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The planning system, like most other sectors, is currently experiencing extreme disruption due to the impact of the Coronavirus, but Government and stakeholders are considering innovative solutions to overcome the challenges thrown up as a result.

Among the measures already implemented by the Government under the Coronavirus emergency legislation are:

  • Planning regulations in England relaxed so that pubs and restaurants can operate as hot food takeaways following a temporary change to permitted development rights.
  • Planning committee meetings contrary to previously applicable legislation allowed to be held for example via video conferencing technology while travel and assembly restrictions are in place.
  • An extension of the time limits applying to the neighbourhood plan process together with more use of written representations. Where, however, it is considered by examiners that oral representations are necessary, these can be taken using video conferencing or other suitable technologies.

Parallel with this stakeholder actions include the following:

  • The Planning Inspectorate has announced postponement of all local plan and appeal hearings and inquiries until further notice. It has, however, accepted that there is no legal impediment to continuing with those processes where appropriate via video-conferencing technology together with more use of written representations.
  • A written ministerial statement recommending that planning authorities apply pragmatism to the enforcement of food delivery restrictions.
  • Local authority planning teams working from home, communicating by video conferencing, and arranging for site visits to be replaced by submission of digital evidence such as photos.
  • Planning consultants/agents offering alternatives such as email newsletters and virtual online exhibitions to replace face-to-face consultation on applications with residents.
  • Local authorities amending or re-interpreting their Constitutions to allow more planning application decisions to be made by an officer under delegated powers where formerly these would have been determined in Planning Committee.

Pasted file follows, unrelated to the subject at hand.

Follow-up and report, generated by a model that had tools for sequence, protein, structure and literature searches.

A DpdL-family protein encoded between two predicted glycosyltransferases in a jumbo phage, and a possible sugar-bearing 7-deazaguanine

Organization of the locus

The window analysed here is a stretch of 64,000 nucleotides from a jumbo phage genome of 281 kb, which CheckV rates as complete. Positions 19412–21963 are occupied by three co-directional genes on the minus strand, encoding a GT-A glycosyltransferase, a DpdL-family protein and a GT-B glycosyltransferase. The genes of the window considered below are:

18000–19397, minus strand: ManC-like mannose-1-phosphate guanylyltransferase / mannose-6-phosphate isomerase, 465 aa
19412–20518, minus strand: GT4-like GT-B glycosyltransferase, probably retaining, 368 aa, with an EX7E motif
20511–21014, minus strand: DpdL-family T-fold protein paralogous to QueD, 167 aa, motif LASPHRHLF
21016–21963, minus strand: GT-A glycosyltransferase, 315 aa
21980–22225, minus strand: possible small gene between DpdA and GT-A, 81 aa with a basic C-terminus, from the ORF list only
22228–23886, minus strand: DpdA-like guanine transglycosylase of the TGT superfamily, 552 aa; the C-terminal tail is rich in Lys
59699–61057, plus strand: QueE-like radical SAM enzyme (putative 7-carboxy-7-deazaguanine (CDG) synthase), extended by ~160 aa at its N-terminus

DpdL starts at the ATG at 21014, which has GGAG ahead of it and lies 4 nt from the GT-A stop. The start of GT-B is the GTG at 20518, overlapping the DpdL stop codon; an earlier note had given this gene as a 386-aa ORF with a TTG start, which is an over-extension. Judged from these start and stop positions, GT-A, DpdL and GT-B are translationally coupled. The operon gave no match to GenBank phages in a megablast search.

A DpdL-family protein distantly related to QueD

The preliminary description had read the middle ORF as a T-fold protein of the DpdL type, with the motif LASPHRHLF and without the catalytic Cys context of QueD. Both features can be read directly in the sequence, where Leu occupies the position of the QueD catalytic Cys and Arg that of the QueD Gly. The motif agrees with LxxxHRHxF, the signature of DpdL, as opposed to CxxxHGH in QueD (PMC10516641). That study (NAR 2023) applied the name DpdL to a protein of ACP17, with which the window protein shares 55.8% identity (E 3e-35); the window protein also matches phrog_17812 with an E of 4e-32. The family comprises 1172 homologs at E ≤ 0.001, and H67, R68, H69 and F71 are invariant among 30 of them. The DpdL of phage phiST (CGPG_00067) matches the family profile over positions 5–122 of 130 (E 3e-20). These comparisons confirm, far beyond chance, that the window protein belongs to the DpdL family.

One area that still needs to be addressed by the Government at the time of writing is that due to the restrictions put in place difficulties may arise in developers discharging pre-commencement planning conditions, obtaining reserved matters approvals or commencing development within time limit conditions. This raises the possibility that, in the absence of compliance with specific planning permission requirements, those permissions will not be lawfully implemented in time to stop them expiring.

The Scottish Government has already introduced legislation in this respect, and it is expected that the Westminster Government will also do so shortly due to the very real potential adverse impacts arising in a slow moving economy, which looks likely in the immediate future.

From an overall point of view for aspects such as extension of time for implementing planning permission and the economic impact on development projects caused by a slowdown in the economy, there is fairly recent precedent in the body of short term legislation brought in following the 2008/2009 financial crisis. That at least allows a framework for further necessary legislation to be enacted quickly.

All these measures are based of course on the assumption that they will be as temporary as possible, but how “temporary” is temporary is clearly impossible to predict at this point.

Kevin Breslin | Planning Solicitor | 360 Law Services

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